Putting politics before pacifism
by Michael Rubin and Suzanne Gershowitz
May 9, 2006
Abington Friends School in Jenkintown has a no-nonsense dress code: To conform to Quaker philosophy, students may not wear T-shirts that promote violence. In practice, though, not all violence is unacceptable. Teachers ignore T-shirts honoring Ché Guevara, the violent Latin American revolutionary, but sometimes discipline students who wear shirts with Israeli army symbols.
Together, we spent 25 years in Quaker schools. We were taught from an early age to look for spiritual guidance within ourselves and accept that God existed in everyone. We learned to better the world through peaceful means and the value of diversity, not only in ethnicity and religion, but also in thought. Teachers argued the merits of pacifism, yet, in the late 1980s, Abington Friends hosted speakers defending the Cuban and Nicaraguan revolutions.
Abington Friends is not alone. While Quakers embrace nonviolence, increasingly their institutions confuse pacifism with leftism.
Take the American Friends Service Committee (AFSC): Founded in 1917, the group tries to uphold the teachings of George Fox, one of Quakerism's founders, who urged his followers almost 350 years ago, to "live all in the peaceable life, doing good to all men, and seeking the good and welfare of all men."
Initially the AFSC held true to such principles. During World War II, the group helped refugees and provided medical care and, in 1947, won the Nobel Peace Prize. But with the Vietnam War, the AFSC sought not only to alleviate suffering but also, in the words of Henry Bowden, a professor of religion at Rutgers University, "to find politics in it."
Politicization trumped pacifism. During the 1970s, the AFSC defended Cambodia's Khmer Rouge, even as word emerged that the group had killed one million citizens. In his Peace and Revolution: The Moral Crisis of American Pacifism, Guenter Lewy described how John McAuliff, head of the AFSC's Indo-China division, called reports of massacres a U.S. attempt to discredit "the example of an alternative model of development." During the 1980s, as civil wars erupted across Latin America, the AFSC supported the groups that opposed U.S. policy, and ignored groups allied to Washington. The Sandinistas were honorable; the contras not. That the Sandinistas were as violent as the contras did not trouble the AFSC.
AFSC hypocrisy has been as evident in Iraq. Prior to the 2003 war, it amplified Saddam Hussein's rhetoric arguing, for example, that U.S.-supported sanctions killed 500,000 children. While they attributed such numbers to UNICEF, they did not mention that the Iraqi government coauthored the report and supplied the figures. Not surprisingly, after Saddam's fall, this claim proved false - though nearly that number ended up in mass graves, victims of Saddam's helicopters and poison gas.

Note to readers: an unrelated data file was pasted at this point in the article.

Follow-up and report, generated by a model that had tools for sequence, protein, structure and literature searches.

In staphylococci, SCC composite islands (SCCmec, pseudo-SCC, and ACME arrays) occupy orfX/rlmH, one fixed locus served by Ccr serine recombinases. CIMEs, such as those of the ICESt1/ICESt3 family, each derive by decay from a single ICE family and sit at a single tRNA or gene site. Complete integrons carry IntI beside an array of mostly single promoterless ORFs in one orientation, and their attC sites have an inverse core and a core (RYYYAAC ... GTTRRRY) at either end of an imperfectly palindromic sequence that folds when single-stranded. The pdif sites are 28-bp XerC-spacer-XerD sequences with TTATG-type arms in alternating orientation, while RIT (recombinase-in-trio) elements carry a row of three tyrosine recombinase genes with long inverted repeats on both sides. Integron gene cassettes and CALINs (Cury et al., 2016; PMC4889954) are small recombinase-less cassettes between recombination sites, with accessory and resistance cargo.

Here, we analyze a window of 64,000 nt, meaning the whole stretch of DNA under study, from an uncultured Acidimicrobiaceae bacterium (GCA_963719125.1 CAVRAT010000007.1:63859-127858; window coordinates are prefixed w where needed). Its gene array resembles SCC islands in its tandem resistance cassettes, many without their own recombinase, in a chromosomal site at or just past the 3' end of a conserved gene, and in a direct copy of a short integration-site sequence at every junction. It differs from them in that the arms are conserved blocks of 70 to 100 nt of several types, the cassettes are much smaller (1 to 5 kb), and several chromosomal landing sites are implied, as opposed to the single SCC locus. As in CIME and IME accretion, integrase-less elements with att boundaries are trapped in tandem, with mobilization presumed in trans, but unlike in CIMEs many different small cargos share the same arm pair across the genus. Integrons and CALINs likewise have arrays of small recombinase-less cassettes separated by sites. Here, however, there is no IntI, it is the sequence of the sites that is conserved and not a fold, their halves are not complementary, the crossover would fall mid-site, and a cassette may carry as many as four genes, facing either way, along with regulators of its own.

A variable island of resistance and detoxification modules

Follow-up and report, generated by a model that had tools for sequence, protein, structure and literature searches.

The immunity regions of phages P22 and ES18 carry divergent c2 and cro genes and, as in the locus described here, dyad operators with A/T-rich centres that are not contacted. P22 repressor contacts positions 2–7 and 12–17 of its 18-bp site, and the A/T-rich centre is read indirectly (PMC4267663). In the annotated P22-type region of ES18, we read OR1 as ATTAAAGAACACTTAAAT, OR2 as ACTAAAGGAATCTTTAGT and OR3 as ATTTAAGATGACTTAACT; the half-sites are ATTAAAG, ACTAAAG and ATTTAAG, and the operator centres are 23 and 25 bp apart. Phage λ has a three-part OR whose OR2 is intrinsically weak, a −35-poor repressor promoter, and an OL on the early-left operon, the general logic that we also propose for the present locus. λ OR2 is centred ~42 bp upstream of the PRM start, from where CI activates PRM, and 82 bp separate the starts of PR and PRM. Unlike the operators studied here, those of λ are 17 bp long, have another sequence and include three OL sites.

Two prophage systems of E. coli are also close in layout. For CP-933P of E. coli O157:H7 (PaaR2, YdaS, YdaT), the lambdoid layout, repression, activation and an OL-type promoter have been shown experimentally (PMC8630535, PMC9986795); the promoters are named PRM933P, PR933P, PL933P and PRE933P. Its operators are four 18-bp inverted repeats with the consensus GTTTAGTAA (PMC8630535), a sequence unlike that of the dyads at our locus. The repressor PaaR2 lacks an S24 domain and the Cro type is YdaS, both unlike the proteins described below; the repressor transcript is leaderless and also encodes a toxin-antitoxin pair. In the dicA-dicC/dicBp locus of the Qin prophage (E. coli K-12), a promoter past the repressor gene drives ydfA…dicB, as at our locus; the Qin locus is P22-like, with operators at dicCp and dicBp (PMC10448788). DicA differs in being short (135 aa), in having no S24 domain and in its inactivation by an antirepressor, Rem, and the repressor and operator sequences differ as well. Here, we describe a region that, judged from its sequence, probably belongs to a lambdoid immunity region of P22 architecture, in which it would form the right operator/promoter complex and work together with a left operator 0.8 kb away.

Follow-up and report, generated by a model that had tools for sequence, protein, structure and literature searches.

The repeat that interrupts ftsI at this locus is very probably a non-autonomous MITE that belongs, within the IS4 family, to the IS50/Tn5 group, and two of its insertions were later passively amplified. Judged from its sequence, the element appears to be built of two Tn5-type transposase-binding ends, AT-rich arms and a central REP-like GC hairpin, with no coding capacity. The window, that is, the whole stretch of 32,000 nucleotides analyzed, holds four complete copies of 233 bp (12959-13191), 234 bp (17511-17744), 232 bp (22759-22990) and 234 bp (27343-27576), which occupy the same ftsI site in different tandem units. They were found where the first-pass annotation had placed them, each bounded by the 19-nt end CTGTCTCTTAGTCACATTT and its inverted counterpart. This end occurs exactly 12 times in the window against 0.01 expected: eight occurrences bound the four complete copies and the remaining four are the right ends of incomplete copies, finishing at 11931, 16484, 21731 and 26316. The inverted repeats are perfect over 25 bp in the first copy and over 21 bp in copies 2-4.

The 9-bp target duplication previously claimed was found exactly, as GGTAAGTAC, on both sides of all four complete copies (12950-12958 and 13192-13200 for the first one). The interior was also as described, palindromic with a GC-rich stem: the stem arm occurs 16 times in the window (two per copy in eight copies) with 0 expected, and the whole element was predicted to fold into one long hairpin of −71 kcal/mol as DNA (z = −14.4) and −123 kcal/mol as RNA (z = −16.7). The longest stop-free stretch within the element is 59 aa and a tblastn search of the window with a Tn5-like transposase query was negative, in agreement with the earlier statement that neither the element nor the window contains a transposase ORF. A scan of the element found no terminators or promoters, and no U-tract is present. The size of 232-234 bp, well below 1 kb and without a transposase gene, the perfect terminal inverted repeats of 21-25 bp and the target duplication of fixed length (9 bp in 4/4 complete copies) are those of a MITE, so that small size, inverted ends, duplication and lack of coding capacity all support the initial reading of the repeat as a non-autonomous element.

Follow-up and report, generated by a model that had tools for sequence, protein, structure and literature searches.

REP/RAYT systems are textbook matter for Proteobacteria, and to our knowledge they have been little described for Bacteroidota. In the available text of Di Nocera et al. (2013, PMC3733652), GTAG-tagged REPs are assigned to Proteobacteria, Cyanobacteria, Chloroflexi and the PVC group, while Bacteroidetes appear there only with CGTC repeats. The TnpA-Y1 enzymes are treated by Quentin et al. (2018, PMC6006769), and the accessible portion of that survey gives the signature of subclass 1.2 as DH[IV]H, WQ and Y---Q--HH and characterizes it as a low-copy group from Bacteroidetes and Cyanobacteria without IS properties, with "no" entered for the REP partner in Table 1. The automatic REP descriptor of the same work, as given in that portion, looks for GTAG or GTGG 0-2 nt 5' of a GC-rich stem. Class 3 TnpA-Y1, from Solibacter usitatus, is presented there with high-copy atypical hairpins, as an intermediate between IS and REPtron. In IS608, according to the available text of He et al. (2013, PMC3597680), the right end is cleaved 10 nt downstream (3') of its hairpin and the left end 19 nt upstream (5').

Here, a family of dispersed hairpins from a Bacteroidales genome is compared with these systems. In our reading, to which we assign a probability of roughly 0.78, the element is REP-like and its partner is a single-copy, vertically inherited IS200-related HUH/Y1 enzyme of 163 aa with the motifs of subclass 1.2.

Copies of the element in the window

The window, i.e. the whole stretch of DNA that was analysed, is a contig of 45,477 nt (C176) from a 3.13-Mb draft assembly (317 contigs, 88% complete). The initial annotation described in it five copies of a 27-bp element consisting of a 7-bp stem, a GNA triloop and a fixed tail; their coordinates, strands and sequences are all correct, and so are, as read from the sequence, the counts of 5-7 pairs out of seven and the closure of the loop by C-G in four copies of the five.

As Barham Salih, then a leading Iraqi Kurdish opponent of Saddam and current Iraqi minister of planning, told a January 2003 meeting of the Socialist International in Rome, "To those who say 'No War,' I say, of course, 'Yes,' but we can only have 'No War' if there is 'No Dictatorship' and 'No Genocide.' "
It is a lesson the AFSC has yet to learn. Until the crisis in Darfur, the group remained largely silent on Sudan, where more than two million perished after that country's government imposed Islamic law on the Christian and animist south. Even as genocide continues, the AFSC prefers to protest Israel's separation fence, which has, nonviolently, saved lives rather than taken them.
It is with regard to Israel and the Palestinians that the AFSC hemorrhages credibility. When the AFSC published its "principles for a just and lasting peace between Palestinians and Israelis," it did not once mention the eradication of terrorism. If the AFSC still valued Quaker principles, no political cause would legitimate violence.
Such inconsistencies are the rule rather than the exception. While the AFSC urges Congress to stop allocating money to Iraq, it has called for the continuation of assistance to the Hamas-led government in the West Bank and Gaza, even as that group's charter calls for the murder of Jews.
Peace is a noble goal, too important to be compromised by politics. If the AFSC is going to adhere to Quaker values, no cause should legitimate violence. There should be no exceptions for liberation movements or insurgents. Conflating pacifism with leftism cheapens the Quaker legacy. So long as war and terrorism continue, that is a luxury we can ill-afford.
Michael Rubin, a graduate of Abington Friends, is a resident scholar at the American Enterprise Institute. Suzanne Gershowitz, a graduate of Sidwell Friends School in Washington, is a research assistant at the American Enterprise Institute.
Related Topics: Michael Rubin | Suzanne Gershowitz
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